GEORGETOWN, Conn. – Hundreds of people filled Main Street in Georgetown on Sunday to experience the food, music, art and camaraderie of the community for the 13th annual Georgetown Day.
Georgetown Day is a celebration of the Georgetown community, which is made up of areas of Ridgefield, Redding, Weston and Wilton. The event is sponsored by Georgetown Village Restoration Inc. , the Georgetown Volunteer Fire Department, the Georgetown Community Association and the Georgetown Lions Club.
“We have a very strong sense of unity here. We’re a very small but tight community,” said Mike Bilado, president of the Georgetown Lions Club . He was pleased with the turnout, and happy that the Lions had the opportunity to greet members of the community and give information about all the causes it supports. “We help the community with any kind of need.”
Attendees proceeded down the village's Main Street, where nearly 100 tents offered clothes, art and jewelry by local vendors, as well as food, beer, a dunking tank, a chili cook-off and information on local organizations.
“Many vendors come year after year after year. This event really brings the community together, “said Pat Hegnauer, director of the G & B Cultural Center . The center is located in a former school, but now offers classes in music and art, as well as exhibition space for artists. Hegnauer said that Georgetown Day has become an event everyone looks forward to. “This is a very cohesive community. It’s really like no other.”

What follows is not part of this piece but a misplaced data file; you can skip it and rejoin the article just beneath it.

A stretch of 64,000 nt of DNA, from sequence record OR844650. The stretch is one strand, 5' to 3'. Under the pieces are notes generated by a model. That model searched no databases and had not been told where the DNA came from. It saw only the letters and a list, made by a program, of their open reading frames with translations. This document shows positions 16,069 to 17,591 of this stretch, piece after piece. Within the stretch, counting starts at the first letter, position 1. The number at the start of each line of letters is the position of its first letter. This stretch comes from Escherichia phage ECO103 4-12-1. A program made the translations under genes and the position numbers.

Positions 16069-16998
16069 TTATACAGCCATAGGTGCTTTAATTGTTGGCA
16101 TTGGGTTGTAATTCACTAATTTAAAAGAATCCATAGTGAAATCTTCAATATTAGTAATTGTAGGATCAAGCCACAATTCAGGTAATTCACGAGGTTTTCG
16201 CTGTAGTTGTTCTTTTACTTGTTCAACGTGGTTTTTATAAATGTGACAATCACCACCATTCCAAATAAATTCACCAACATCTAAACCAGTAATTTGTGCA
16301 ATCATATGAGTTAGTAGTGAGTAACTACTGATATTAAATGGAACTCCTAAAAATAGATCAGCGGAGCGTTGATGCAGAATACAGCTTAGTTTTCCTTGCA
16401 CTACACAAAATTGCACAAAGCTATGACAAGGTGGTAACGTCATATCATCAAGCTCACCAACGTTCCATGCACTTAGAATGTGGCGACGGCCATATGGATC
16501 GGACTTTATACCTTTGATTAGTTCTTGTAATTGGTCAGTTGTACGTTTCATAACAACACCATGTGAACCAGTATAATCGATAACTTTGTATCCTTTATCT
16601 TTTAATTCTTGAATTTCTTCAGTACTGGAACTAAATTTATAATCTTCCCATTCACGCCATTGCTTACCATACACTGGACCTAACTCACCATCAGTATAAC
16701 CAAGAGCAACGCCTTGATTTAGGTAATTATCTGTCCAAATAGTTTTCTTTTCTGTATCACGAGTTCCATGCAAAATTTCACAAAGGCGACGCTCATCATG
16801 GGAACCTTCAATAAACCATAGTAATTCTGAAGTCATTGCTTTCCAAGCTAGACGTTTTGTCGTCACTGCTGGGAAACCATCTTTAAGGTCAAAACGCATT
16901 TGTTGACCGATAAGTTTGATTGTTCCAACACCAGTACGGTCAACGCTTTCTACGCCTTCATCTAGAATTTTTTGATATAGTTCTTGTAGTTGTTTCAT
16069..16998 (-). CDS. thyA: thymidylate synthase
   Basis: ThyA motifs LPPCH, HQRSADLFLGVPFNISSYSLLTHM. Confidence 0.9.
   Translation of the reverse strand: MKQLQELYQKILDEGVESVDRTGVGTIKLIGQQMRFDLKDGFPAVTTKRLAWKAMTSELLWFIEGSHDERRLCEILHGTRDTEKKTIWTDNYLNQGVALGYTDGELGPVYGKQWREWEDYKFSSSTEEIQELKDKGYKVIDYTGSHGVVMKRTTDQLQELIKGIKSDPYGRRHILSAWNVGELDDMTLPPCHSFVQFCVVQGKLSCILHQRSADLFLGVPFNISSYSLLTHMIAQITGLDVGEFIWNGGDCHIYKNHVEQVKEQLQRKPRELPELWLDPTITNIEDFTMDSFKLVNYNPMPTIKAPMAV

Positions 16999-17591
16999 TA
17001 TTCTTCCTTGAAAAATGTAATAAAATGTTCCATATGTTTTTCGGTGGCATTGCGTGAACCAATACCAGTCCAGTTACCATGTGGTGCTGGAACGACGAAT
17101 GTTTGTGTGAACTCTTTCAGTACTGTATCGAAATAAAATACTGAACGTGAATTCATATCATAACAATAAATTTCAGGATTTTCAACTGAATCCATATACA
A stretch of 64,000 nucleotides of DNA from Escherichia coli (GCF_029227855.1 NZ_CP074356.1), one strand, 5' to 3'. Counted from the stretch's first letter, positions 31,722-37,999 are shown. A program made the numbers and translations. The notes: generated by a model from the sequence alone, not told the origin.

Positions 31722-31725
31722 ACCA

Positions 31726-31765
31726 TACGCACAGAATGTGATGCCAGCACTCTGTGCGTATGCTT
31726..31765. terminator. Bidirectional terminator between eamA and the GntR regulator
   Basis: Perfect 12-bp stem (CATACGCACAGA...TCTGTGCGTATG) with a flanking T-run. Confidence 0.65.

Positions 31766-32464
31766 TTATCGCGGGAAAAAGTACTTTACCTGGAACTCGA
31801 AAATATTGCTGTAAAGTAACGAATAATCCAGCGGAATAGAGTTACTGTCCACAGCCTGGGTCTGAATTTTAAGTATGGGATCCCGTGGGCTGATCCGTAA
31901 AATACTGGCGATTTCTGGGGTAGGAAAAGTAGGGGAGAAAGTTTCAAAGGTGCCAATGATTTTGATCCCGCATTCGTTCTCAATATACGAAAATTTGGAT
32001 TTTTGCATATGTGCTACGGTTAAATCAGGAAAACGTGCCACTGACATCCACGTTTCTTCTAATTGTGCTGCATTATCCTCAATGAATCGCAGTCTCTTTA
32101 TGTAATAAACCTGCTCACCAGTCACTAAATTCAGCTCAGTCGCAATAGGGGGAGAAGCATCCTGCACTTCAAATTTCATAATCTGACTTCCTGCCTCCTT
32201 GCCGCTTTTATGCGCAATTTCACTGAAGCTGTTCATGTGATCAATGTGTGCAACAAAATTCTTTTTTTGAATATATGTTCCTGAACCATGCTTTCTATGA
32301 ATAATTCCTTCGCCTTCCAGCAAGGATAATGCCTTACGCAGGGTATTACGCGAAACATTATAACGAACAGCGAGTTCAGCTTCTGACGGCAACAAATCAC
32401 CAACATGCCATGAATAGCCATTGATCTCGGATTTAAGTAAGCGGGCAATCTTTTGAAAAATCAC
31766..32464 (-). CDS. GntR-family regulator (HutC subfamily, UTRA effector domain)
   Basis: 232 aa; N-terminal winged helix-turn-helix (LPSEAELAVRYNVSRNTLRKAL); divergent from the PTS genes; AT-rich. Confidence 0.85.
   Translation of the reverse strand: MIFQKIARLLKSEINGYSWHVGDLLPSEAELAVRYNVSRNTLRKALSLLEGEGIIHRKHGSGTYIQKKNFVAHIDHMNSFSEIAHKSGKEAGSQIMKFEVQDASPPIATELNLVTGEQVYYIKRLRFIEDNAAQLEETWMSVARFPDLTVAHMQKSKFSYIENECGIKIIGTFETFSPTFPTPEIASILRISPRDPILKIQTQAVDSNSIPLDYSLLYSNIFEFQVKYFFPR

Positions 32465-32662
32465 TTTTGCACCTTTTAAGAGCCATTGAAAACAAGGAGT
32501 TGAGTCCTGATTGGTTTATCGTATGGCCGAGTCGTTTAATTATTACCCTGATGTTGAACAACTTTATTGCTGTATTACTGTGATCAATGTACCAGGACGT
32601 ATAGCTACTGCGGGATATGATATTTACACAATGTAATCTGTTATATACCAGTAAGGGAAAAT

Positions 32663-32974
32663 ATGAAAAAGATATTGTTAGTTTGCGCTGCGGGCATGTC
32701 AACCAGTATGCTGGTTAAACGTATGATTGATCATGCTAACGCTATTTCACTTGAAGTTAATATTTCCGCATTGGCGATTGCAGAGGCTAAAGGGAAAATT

Volunteers from Weir Farm on the Wilton-Ridgefield border greeted visitors and offered them information on the Weir Farm National Historic Site , the only national park devoted to American painting.
“Georgetown Day is a lot of fun. It’s a chance to talk to people who may or may not know about Weir Farm. Many of them seem interested and want to come visit,” said volunteer Claire Tensa.
Susan Winters of Redding set up a tent for her business, Vintage Winters , where she sold handmade and vintage jewelry. She has been collecting and making jewelry for several years and has many unique pieces, including ones from the 1950s and 1960s, as well as some from Joan Rivers’s collection. She was glad that the event offered her the opportunity to introduce her work to others.
“It’s fun. It’s the event for Georgetown,” Winters said.
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